This Friday, July 18th, is our second salsa night of the Mixers, Elixirs, & IMAX season – and we are so excited to have Grupo Batacha back this year to set the Museum en fuego with their crazy latin beats!
I know the concept of “Salsa Night” can be intimidating for some people, but please believe me when I say these are our most popular nights at Mixers. Don’t worry about your two left feet because HMNS has brought in an expert that will get you stepping in the right direction. Raul Orlando Edwards brings over 30 years of experience in Salsa, Classical Music, Argentine Tango, African Dances, Ballet, Jazz, and Modern. And here are some reasons why you should get up and get moving…
Jamie: What are the benefits of learning to salsa dance?
Raul: Among the many benefits of learning to salsa dance are:
- The opportunity of social interaction with friends and/or strangers in a non-intimidating atmosphere.
- Exposure to cultural elements found in the music, dance, and people from all over the world.
- An activity that provides a way to remain active for the rest of one’s life.
- If done continuously, a way to lose weight or stay in shape.
J: Where are the best salsa spots in the city?
J: What’s the history of salsa?
R: As we all know, salsa is the reflection of the fusion of cultures, music and dance that spawns over 500 years where African, Spanish (mostly in the form of flamenco and/or gypsy) and European found a common ground in the new world.
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Though a small island in the Caribbean, Cuba was the most important country in the development of salsa and of the majority of other styles in the American continent. Right before the turn of the 20th century, this fusion began to resemble the dances we see today, beginning with the rumba, danzon (Cuba’s national dance), son, mambo, cha-cha-cha and others. When you watch old movies of the 40s through the 60s you can see how many of these dances dominated the famous New York venues such as the Palladium, Copacabana and other legendary night spots.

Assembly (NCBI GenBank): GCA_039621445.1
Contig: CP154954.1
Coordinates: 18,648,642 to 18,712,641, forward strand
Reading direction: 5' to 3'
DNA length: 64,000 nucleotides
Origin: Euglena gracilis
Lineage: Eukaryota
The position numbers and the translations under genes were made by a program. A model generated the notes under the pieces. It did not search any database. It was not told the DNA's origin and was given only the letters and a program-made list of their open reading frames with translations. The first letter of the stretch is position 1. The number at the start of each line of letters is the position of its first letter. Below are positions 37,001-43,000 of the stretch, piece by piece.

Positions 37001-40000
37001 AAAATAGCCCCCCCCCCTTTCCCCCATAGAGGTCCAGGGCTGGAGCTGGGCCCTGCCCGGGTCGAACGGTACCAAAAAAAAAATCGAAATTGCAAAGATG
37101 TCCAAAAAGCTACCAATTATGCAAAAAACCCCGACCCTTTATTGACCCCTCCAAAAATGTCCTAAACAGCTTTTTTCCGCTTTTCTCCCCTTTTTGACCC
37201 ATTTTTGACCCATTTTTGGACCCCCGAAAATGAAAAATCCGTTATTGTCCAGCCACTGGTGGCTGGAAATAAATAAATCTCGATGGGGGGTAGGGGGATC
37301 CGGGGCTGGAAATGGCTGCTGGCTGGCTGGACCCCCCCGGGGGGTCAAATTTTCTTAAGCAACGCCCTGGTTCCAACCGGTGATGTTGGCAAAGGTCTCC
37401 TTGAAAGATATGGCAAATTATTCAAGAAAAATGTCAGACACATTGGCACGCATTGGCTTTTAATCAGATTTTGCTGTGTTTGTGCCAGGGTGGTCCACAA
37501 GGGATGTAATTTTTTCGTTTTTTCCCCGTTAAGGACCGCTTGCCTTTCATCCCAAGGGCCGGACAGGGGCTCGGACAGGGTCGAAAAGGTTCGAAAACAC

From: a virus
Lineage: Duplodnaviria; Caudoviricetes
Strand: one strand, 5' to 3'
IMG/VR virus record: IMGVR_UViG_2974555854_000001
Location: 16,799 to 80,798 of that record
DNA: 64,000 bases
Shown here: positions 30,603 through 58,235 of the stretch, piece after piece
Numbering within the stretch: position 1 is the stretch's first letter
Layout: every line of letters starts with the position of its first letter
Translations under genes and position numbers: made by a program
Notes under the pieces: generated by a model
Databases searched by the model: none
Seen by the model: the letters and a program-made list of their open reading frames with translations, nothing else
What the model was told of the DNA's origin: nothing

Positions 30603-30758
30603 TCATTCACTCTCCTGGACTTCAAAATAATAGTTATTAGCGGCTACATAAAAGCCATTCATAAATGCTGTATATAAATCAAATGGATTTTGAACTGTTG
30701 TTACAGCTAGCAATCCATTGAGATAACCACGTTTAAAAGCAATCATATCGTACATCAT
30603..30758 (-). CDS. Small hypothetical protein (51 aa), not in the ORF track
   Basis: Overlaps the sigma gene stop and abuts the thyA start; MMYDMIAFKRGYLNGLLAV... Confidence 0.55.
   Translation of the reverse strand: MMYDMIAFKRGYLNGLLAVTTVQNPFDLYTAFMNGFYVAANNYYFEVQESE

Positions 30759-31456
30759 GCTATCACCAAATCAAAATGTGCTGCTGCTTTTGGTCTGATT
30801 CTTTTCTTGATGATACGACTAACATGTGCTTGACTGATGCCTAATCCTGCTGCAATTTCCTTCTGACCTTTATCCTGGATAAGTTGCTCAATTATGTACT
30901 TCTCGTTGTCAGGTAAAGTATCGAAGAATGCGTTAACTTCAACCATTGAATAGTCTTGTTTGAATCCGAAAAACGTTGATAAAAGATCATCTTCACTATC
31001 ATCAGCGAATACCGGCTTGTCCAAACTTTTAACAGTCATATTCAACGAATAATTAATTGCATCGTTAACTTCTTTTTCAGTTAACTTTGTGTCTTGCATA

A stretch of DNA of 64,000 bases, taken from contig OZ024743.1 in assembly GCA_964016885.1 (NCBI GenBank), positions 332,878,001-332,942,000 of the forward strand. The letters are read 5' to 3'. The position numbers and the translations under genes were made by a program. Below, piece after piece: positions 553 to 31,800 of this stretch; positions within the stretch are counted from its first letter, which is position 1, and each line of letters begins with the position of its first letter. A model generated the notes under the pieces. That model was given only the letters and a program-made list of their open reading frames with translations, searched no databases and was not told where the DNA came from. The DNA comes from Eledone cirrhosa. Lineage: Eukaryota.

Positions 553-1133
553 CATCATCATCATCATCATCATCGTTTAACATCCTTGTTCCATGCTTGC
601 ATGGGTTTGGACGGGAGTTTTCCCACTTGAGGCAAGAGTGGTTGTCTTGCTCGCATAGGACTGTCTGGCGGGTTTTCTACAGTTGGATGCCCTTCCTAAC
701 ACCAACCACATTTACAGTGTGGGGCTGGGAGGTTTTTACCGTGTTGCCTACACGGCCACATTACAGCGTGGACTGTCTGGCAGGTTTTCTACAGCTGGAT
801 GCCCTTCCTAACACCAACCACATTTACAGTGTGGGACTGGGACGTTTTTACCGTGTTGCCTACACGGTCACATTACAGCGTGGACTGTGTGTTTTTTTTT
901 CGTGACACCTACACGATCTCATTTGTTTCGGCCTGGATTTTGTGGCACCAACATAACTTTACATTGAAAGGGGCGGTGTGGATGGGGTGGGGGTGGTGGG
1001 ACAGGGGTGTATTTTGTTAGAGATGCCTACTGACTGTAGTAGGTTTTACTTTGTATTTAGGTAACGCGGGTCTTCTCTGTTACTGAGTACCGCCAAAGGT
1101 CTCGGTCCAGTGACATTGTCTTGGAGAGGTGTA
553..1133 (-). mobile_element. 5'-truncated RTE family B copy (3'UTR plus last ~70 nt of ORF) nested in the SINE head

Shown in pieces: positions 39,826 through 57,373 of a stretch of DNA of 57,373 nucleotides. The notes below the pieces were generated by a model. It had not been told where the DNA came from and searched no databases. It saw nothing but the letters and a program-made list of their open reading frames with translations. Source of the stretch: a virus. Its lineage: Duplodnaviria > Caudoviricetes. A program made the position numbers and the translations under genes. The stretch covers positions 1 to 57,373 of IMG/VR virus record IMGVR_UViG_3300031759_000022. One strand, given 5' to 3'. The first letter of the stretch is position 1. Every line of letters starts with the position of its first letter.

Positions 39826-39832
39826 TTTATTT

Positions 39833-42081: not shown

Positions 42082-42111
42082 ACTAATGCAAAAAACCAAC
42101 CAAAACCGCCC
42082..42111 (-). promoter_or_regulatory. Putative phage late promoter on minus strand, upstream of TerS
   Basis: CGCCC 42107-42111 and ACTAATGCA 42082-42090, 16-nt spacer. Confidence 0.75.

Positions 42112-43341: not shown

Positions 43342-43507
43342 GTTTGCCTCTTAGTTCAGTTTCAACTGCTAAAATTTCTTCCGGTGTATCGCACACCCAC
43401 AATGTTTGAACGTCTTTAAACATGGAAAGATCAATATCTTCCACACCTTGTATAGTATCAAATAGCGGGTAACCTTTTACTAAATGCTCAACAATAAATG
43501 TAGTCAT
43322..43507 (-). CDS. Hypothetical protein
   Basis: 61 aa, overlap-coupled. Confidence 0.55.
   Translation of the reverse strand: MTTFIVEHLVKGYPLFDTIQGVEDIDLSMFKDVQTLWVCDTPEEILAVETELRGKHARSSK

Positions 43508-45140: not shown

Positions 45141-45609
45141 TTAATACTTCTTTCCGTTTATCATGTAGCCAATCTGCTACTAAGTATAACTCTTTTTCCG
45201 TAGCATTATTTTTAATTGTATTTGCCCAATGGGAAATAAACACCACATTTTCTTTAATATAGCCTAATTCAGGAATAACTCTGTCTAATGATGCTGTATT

An important event in the history of the United States and Cuba, the missile crisis of the 1960’s, interrupted this free-flowing exchange of musical ideas between New York and the island of Cuba and it is here that Latinos in New York (predominantly Puerto Ricans) began to experiment with the Cuban music they knew and got from their parents. As we saw in the 60’s and 70’s, people were involved in discovering new things and enjoying themselves and this carried over to Latin music. Nuances from disco, funk, bossa-nova (Brazil), bomba and plena (Puerto Rico), and others were added to the popular Cuban music whose name literally reflected the blend of sounds and styles.
J: Are other Latin dances easier or more difficult than salsa?
R: For the most part, other popular Latin dances such as merengue, bachata, cha-cha-cha and others are easier to dance than salsa. Salsa’s rhythm can be tricky at first but once the ‘beat’ hurdle is passed, it becomes easier and a lot of fun.